Yesterday, 18 February, the European Commission defined its trade strategy for the coming years. Reflecting the concept of open strategic autonomy, it builds on the openness of the EU to contribute to economic recovery through support for green and digital transformations, as well as a renewed focus on strengthening multilateralism and reforming the rules of global trade to ensure that they are fair and sustainable. Where necessary, the EU will take a more assertive stance in defending its interests and values, including through new instruments.
By addressing one of the greatest challenges of our time and responding to the expectations of its citizens, the Commission is putting sustainability at the heart of its new trade strategy, supporting the fundamental transformation of its economy into a climate neutral one. The strategy includes several key actions focusing on the implementation of stronger global trade rules and on the contribution to the EU’s economic recovery.
In response to the current challenges, the strategy gives priority to a major reform of the World Trade Organisation, including global commitments on trade and climate, new rules for digital trade, strengthened rules to address distortions of competition and the restoration of its binding dispute settlement system.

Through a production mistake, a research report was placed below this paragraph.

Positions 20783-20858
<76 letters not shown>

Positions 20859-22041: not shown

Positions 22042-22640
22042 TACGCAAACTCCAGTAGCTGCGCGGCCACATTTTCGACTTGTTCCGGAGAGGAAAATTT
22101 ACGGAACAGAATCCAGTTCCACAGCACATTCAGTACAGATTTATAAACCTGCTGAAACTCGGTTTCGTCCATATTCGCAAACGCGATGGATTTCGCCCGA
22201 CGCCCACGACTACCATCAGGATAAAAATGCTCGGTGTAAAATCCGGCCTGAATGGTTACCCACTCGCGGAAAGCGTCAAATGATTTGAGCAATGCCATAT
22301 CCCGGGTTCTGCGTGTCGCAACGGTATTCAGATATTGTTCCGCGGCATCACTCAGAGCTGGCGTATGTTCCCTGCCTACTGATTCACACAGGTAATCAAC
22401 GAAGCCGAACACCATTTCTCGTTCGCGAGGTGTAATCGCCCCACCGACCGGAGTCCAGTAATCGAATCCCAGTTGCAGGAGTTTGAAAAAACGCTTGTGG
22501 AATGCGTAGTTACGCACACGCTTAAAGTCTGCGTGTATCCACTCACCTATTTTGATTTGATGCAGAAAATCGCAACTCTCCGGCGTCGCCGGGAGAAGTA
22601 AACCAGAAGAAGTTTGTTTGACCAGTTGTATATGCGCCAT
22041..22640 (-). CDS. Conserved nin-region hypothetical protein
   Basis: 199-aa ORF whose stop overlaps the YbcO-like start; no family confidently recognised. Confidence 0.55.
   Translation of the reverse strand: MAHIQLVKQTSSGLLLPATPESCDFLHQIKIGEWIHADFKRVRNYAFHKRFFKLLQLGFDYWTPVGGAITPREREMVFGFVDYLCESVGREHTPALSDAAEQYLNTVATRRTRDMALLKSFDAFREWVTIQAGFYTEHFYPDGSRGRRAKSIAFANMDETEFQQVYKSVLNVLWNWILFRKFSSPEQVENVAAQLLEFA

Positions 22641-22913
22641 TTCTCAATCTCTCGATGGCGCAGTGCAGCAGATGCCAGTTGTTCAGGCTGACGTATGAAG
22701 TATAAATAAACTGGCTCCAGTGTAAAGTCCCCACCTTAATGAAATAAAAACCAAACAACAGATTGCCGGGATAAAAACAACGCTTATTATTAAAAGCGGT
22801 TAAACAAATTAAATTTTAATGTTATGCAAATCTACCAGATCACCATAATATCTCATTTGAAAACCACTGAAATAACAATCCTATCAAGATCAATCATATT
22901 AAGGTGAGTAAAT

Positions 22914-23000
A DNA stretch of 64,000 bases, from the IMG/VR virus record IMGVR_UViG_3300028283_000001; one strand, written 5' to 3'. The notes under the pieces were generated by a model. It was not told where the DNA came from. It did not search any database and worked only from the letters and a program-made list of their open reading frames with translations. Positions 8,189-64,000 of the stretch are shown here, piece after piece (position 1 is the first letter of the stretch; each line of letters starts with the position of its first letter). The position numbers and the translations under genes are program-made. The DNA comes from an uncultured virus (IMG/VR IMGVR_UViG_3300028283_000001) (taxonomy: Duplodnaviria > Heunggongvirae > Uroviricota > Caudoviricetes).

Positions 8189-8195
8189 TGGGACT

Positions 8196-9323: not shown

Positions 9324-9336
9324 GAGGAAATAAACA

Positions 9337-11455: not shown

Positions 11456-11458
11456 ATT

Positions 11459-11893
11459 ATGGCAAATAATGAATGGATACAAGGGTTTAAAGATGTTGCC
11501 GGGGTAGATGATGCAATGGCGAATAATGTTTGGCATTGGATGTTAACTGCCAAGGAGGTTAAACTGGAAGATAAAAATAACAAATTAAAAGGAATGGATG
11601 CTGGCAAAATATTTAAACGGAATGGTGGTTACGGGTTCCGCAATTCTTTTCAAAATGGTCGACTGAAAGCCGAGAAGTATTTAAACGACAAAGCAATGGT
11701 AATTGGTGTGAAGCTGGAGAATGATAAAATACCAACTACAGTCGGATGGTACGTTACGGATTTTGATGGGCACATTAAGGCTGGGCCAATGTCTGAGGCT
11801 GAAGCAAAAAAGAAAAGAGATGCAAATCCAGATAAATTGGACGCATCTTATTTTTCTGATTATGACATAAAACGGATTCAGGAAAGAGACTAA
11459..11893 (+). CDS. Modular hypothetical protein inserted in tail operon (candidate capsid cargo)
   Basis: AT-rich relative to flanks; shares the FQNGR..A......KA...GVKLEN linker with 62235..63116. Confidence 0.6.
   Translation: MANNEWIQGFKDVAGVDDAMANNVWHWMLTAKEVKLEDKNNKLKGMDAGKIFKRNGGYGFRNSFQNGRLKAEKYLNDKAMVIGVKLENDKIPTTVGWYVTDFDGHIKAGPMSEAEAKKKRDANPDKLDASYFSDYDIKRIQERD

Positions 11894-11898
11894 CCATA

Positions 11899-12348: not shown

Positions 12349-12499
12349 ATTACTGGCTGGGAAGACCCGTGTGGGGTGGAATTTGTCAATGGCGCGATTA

The new strategy will strengthen trade’s ability to support digital and climate transitions. Firstly, by contributing to the achievement of the objectives of the European Green Deal. Secondly, by removing unjustified trade barriers in the digital economy to reap the benefits of digital technologies in commerce. The EU will be able to shape global change in a more suitable way by strengthening its alliances, such as the transatlantic partnership, together with focusing greater attention to its neighbours and Africa.
At the same time, the EU will take a tougher and more assertive approach towards the implementation and enforcement of its trade agreements, combating unfair trade and addressing sustainability concerns. The EU is stepping up its efforts to ensure that its agreements bring the negotiated benefits to its workers, farmers and citizens.
This strategy is based on a broad and inclusive public consultation, which includes more than 400 contributions from a wide range of stakeholders, public events in almost all Member States and a close engagement with the European Parliament, EU governments, businesses, civil society and the public.